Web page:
Welcome to SimSmoke

This website guides visitors in running interactive computer models that simulate exposure to secondhand tobacco smoke in homes, cars, restaurants, pubs, and most any other location.

Registration on the site now requires administrator approval. To request an account, please send a message with some description of your interest in SimSmoke.Org using the contact form: Contact Form.

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Smokers Emit More Pollution Than Cars

An article in the Orange County register presents a smoker who is also a smog technician. Compared to the emissions from the tailpipe of a car, the smoker is "a gross polluter." In fact, while cars only emit about 200 micrograms of fine particle mass per mile driven, a smoked cigarette emits about 10,000 micrograms. What does this mean for people riding inside a car with a smoker? You can explore this issue using the simulations available on this website.

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California Bans Smoking in Cars with Minors Present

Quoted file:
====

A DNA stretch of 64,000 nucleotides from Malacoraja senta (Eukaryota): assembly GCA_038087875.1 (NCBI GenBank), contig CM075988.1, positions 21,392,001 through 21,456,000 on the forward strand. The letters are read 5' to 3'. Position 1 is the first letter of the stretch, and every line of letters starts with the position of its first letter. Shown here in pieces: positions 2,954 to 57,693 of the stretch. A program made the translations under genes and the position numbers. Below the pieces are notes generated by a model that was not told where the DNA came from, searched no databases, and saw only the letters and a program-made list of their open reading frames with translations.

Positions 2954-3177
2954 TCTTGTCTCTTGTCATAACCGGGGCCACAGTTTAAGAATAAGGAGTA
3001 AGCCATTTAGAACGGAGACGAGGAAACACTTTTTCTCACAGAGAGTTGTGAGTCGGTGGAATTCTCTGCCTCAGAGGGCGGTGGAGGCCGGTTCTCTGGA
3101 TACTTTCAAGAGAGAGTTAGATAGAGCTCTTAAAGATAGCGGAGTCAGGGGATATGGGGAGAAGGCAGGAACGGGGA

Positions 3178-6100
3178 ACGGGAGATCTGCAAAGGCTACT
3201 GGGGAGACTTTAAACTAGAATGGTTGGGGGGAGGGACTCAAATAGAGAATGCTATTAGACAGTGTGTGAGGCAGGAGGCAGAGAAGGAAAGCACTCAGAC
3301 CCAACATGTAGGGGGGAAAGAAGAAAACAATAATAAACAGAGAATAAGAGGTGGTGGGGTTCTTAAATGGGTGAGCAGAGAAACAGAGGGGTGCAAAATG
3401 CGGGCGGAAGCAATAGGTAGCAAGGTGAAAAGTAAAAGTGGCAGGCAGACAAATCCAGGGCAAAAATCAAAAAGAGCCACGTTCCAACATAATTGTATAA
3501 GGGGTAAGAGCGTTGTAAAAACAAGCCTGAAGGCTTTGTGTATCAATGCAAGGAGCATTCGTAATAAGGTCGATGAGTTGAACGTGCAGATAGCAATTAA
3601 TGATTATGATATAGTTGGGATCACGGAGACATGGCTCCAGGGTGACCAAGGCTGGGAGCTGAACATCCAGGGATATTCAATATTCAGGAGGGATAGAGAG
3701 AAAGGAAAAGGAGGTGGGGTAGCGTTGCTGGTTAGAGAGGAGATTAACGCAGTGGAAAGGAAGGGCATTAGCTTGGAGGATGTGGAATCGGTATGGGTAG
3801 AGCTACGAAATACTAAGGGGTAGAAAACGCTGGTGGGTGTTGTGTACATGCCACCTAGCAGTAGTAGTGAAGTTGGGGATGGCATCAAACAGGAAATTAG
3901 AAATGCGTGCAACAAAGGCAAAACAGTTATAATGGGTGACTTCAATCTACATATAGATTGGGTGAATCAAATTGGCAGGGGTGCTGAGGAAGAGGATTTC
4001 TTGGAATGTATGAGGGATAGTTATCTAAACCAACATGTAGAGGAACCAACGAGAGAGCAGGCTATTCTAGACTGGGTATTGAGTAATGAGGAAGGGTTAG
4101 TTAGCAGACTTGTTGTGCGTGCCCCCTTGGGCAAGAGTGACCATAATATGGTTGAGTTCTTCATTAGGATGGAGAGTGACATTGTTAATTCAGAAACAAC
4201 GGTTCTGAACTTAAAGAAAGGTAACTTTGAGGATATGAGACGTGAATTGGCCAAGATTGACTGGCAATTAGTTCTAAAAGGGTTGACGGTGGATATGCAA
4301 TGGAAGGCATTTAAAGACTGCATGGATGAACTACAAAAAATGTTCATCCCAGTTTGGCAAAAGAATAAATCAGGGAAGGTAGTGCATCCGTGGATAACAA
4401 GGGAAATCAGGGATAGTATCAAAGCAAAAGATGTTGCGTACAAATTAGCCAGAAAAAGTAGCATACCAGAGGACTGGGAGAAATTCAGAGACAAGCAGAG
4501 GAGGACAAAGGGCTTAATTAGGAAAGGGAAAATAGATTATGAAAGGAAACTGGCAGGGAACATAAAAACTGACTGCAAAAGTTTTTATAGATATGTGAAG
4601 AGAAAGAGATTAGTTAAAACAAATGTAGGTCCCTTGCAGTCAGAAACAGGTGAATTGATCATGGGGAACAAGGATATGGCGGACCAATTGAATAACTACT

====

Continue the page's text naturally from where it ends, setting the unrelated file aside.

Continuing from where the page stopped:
California governor Arnold Schwarzenegger signed a bill that bans smoking in cars when there are hildren 17 or under. Those caught doing so will face a $100 fine. The infraction will be a secondary offense, meaning that a police officer could not stop a motorist only for smoking in a car with a minor. Use the car exposure simulation to see how high secondhand smoke levels can be in cars.

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Belmont, CA Bans Smoking in Apartments

The city of Belmont, California has passed a law banning smoking inside multi-unit housing. Soon, we at SimSmoke.Org will offer tools to explore exposures caused by leakage or drift of secondhand smoke between apartment or condominium units.

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New Website for Tobacco Smoke Outreach

The founder of the SimSmoke.Org website is now contributing to a new website TobaccoSmoke.Org, which aims to disseminate scientific information on exposure to secondhand smoke to the public. The new website contains booklets and briefings on published exposure measurements in cars, homes, the outdoors, and other locations.

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New Research on Secondhand Smoke in Cars and Vehicle Air Change Rates

A new article has been published (July 2007) on the amount of secondhand smoke air pollution that can occur in automobiles under various conditions. The Stanford University researchers (Ott, Klepeis, and Switzer) also measured many air exchange rates for different types of automobiles, which are valuable for use in simulating in-vehicle exposures to secondhand smoke as we do on the SimSmoke.Org website.

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